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. . . unfortunately there are no data for the Very Beginning. . . . Only God knows what happened at the Very Beginning (and so far She hasn't let on).
-Leon Lederman

Extraterrestrial Life-Forms: A Religious View

Tuesday, October 1, 2013 @ 10:10 AM
posted by Rabbi Allen S. Maller
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When the inquisition condemned Galileo for writing that the earth might not be the center of the solar system, the Roman Catholic Church was supporting the philosophy and science of the Greco-Roman world because it seemed to support the religious idea that the earth, life in general and human life in particular, should be the center of God’s world.

Today very few religious people think that if the earth revolves around the sun, it makes humans less important to God. The value, meaning and importance of a human life, is not a scientific issue; it is a religious issue.

So too, when by the end of this decade, astronomical evidence of stars with earth-like planets, at the right distance from their star to have liquid water, and an atmosphere with oxygen, is found, there will be no need to deny the evidence and condemn the scientists as anti-religious. Religious people need to know that the Torah and the Qur’an clearly teach that the Living God created the whole universe to be conducive to the universal evolution of life.

The Zabur of David says, “Your kingdom is a kingdom of all worlds; and Your dominion is for all generations.” (Zabur-Psalms 145:13); and the Qur’an says, “We have not sent you but as a blessing for all the worlds.” (Al-Anbiya 107). Muslim commentators say this refers to the 18,000 worlds created by Allah. Our world is one of them. (Mir’at-e-Kainat, vol.1, p.77)

A report in Science Daily (6/25/13) relates that a team of astronomers has discovered a close by star system Gliese 667C with at least six planets. A record-breaking three of these planets are large-Earths lying in the zone around the star where liquid water could exist, making them possible candidates for the presence of life. This is the first system found with a fully packed habitable zone.

Gliese 667C, a very well-studied star quite close to us, is just over one third of the mass of the Sun. It is part of a triple star system known as Gliese 667, 22 light-years away in the constellation of Scorpius. Previous studies of Gliese 667C found that the star hosts three planets with one of them in the habitable zone.

Now, a team of astronomers has found evidence for up to seven planets around the star. These planets orbit the third fainter star of the triple star system. Viewed from one of these newly found planets the two other suns would look like a pair of very bright stars visible in the daytime and at night they would provide as much illumination as the full Moon.

The new planets completely fill up the habitable zone of Gliese 667C, as there are no more stable orbits in which a planet could exist at the right distance to it.

Three of these planets are confirmed to be large-Earths — planets more massive than Earth, but less massive than planets like Uranus or Neptune — that are within their star’s habitable zone, a thin shell around a star in which water may be present in liquid form if conditions are right. This is the first time that three such planets have been spotted orbiting in this zone in the same system.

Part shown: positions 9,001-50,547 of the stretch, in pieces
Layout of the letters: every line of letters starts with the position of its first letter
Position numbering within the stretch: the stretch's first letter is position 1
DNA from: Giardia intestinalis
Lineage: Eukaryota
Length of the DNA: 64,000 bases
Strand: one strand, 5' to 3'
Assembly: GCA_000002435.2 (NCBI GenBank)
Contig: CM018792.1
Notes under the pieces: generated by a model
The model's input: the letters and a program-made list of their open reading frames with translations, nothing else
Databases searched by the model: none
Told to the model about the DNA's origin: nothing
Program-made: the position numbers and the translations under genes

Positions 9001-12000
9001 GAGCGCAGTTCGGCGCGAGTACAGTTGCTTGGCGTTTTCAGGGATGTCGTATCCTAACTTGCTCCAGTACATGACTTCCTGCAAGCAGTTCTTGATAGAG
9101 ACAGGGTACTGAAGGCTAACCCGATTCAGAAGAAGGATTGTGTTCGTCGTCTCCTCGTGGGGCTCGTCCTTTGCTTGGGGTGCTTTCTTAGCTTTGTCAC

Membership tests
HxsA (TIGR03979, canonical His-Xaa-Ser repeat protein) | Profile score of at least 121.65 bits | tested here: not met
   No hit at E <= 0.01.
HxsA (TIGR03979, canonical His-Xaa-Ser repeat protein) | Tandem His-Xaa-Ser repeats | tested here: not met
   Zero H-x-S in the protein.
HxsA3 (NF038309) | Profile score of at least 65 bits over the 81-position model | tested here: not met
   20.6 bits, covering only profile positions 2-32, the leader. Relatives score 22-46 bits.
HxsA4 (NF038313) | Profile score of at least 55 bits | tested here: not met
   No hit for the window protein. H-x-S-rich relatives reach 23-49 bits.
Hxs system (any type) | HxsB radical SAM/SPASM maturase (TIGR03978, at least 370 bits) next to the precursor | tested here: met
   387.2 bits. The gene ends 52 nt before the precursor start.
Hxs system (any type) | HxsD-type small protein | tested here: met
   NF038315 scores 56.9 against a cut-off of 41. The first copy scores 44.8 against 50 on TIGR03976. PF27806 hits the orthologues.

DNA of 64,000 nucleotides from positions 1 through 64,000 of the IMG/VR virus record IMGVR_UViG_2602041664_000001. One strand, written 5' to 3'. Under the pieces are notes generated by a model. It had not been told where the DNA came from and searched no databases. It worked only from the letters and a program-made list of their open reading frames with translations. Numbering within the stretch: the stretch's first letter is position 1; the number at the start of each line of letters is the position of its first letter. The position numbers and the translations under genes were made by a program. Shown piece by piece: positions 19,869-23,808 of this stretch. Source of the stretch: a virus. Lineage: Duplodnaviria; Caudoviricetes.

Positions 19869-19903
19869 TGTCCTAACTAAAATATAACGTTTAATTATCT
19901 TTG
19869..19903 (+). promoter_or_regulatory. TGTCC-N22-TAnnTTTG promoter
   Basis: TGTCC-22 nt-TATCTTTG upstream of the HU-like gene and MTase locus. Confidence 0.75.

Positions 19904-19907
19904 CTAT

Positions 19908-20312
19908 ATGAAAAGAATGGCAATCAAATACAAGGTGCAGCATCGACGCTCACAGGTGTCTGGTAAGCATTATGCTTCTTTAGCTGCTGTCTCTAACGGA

“The number of potentially habitable planets in our galaxy is much greater if we can expect to find several of them around each low-mass star — instead of looking at ten stars to look for a single potentially habitable planet, we now know we can look at just one star and find several of them,” adds co-author Rory Barnes. Compact systems around Sun-like stars have been found to be abundant in the Milky Way.

Around such stars, planets orbiting close to the parent star are very hot and are unlikely to be habitable. But this is not true for cooler and dimmer stars such as Gliese 667C. In this case the habitable zone lies entirely within an orbit the size of Mercury’s, much closer in than for our Sun. The Gliese 667C system is the first example of a system where such a low-mass star is seen to host several potentially rocky planets in the habitable zone.

Unlike the Italian inquisition’s condemnation of Galileo, no Muslim or Jewish astronomer was ever condemned by a Muslim or Jewish inquisition, because Jews and Muslims never had an institution like the inquisition. Also, because both Muslims and Jews had many philosophers who were critics of Aristotle’s and Ptolemy’s science, most medieval Jewish and Muslim religious leaders did not feel they had to prevent new science from disagreeing with Greek science.

For them it was evident that, as it is written in the Zabur of Prophet David, King of Israel; “The heavens declare the glory of God. The universe proclaims God’s handiwork.” (Psalms 19:2) And as the Qur’an proclaims over and over again, “Whatever is in the heavens and whatever is on the earth exalts Allah” (Qur’an 57:1, 61:1, and 64:1)

New discoveries will always change the scientific understanding of God’s universe; but the religious belief that the whole universe exalts God and reveals God’s glory will always remain the same.

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Rabbi Allen S. Maller is the Rabbi Emeritus of Temple Akiba in Culver City, California. His website is: www.rabbimaller.com

The views expressed by Rabbi Maller are his own and not necessarily those of the Blogmaster. They are published in order to promote this blog’s mission to provide information and foster discussion about matters of faith and science. The Blogmaster thanks Rabbi Maller for his contribution to this forum.

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